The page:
Wednesday, February 06, 2008

Every Blog has its Day

...and hopefully the Atlantic Community will have many more to come.

Welcome to all our first time readers, and especially welcome back to all our regulars. If you are visiting for the first time or are still a bit in the digital wilderness, then follow this link to cartoon by Peter Steiner

an earlier post explaining some of the features of the AC.

The AC has experienced a fair amount of growth over the last 3 months, both in terms of web traffic (over 300 unique visitors during the last 30 days) and more importantly from the perspective of our mission statement;

"Our aim is to provide a public voice for European scholarship in American Studies, forging stronger communication between the academy and the public on both sides of the Atlantic."

Here are some recent posts which have been part of the AC's recent traffic boom;

Robert Gibbons

Exiled Writing, Translated Knowledge: Andrei Codrescu’s Inroads

Song of America

“They Say They Put a Man on the Moon”: Fallen Astronaut – Violence, Bodies, and Moon Art

Hillary Clinton as Political Icon

A Post-Broadcast Politics

Please feel free to leave comments for the writers. Every article has a comments link found at the end of the text.

This month, I wrote an article about the Atlantic Community which was featured in the February DAAS Newsletter. You can read the article here. If there is a theme for the current Newsletter it is online networking and blogging. David Nye is also featured with an article about his new blog. The Facebook group, "American Studies in Scandinavia." also receives a front page mention.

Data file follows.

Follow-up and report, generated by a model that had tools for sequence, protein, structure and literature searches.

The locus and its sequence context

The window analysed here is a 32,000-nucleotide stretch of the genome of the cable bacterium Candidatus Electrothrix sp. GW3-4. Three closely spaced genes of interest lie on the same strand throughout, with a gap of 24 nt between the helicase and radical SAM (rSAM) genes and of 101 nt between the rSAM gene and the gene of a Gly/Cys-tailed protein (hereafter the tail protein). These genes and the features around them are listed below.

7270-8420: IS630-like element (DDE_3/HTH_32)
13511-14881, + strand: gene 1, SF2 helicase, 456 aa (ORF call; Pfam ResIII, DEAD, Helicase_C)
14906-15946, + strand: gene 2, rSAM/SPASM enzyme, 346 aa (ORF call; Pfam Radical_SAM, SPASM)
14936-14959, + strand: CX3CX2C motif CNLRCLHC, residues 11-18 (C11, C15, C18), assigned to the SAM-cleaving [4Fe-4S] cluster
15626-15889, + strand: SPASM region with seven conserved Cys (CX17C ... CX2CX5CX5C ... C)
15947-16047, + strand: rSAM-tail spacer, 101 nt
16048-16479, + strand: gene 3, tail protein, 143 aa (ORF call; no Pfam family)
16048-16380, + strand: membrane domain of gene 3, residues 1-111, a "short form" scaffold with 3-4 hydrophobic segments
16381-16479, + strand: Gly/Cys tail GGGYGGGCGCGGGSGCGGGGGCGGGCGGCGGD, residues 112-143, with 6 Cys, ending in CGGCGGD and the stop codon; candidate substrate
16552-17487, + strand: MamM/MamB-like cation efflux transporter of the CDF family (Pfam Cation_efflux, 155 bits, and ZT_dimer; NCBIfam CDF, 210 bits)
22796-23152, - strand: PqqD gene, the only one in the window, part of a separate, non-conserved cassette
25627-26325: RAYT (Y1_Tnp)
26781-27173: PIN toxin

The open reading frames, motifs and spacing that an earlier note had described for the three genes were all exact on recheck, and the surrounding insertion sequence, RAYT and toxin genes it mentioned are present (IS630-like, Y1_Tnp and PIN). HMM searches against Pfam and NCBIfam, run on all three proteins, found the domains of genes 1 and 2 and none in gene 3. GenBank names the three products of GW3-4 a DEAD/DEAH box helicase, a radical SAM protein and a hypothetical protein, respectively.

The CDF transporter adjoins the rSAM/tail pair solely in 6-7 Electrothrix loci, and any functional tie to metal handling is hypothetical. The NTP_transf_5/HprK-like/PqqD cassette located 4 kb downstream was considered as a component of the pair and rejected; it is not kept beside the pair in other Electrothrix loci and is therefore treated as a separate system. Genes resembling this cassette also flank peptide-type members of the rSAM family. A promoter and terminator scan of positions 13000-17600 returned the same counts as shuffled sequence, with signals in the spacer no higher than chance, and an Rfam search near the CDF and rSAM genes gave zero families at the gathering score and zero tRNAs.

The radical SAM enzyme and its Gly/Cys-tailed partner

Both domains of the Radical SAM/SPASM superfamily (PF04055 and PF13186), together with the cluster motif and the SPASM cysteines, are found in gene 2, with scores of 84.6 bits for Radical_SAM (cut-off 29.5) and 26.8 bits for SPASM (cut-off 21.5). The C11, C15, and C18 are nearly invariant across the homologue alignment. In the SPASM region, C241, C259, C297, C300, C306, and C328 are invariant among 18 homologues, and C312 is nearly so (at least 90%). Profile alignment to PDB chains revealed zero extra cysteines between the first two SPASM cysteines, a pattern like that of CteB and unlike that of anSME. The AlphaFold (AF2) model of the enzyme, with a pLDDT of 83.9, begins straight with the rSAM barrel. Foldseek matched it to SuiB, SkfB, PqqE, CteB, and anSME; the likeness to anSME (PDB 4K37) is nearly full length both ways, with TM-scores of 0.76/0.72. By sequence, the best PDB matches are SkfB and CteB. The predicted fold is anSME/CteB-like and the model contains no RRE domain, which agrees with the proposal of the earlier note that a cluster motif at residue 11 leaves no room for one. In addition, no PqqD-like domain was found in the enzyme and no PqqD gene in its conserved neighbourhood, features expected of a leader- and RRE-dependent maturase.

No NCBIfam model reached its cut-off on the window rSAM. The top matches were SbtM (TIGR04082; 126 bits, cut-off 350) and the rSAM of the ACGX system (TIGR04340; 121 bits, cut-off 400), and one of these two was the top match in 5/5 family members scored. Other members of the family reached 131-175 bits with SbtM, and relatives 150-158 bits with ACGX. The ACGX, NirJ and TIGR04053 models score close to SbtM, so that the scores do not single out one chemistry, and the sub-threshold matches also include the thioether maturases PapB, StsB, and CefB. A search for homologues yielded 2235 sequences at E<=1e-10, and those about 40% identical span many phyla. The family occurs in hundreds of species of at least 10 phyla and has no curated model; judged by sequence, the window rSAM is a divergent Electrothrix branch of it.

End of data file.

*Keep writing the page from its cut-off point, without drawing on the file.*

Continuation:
Steen recently introduced himself here with his first post, "Blogging Thoughts," where he expresses his philosophy of the medium.

If you want to read more on blogging, Sara Boxer has a timely article in the New York Review of Books simply titled, "Blogs." Highly recommended. In the end, I doubt that you or anyone will get any closer to defining the medium or the mode of writing. At best, these assorted articles may provide a "feeling" for blogging, both as a writing form and as sites of community within various cultural contexts.

Let this post serve as an example of the undefinability of blogging.

While thinking about all the connections and references to blogging this past week, I also got to thinking about connections in general. Camelia recently posted, “Beating about Splitting Hairs.” A play off Bent’s post, “Kerouac times.” Here she mentions the new Bob Dylan film, I’m not There, as possible material for her new course. Well, if you missed the Supberbowl last Sunday then you missed the half-time show featuring Tom Petty and the Heartbreakers. I’m not sure how it may relate to her course, but Tom Petty was a fellow member of George Harrison’s fantastic Traveling Wilburys, along with of course, Bob Dylan. Harrison referred to the Wilburys music as, "that Americana type of stuff." Here’s the first part to a little documentary on the Wilburys. Part 2. Part 3.

Coincidentally, I had also just finished watching the history of Brian Wilson’s Smile. One of the themes behind Smile was an obsessive transatlantic competition between the creative forces of Wilson and the Beatles. Smile is incredible. Too bad Wilson never made his version of an American led British Wilburys.

Responding to Bent’s “Kerouac times,” the director of a new Kerouac film, seemingly came out of nowhere to leave a comment, i.e., “hype his film.” You can read more about the film here. I'm looking forward to it.

Bent has also graciously invited the AC to tag along his course, "The Beat Generation Revisited". Read more.

Well, this post has reached “the end of the line”. So to conclude, here’s the Traveling Wilburys,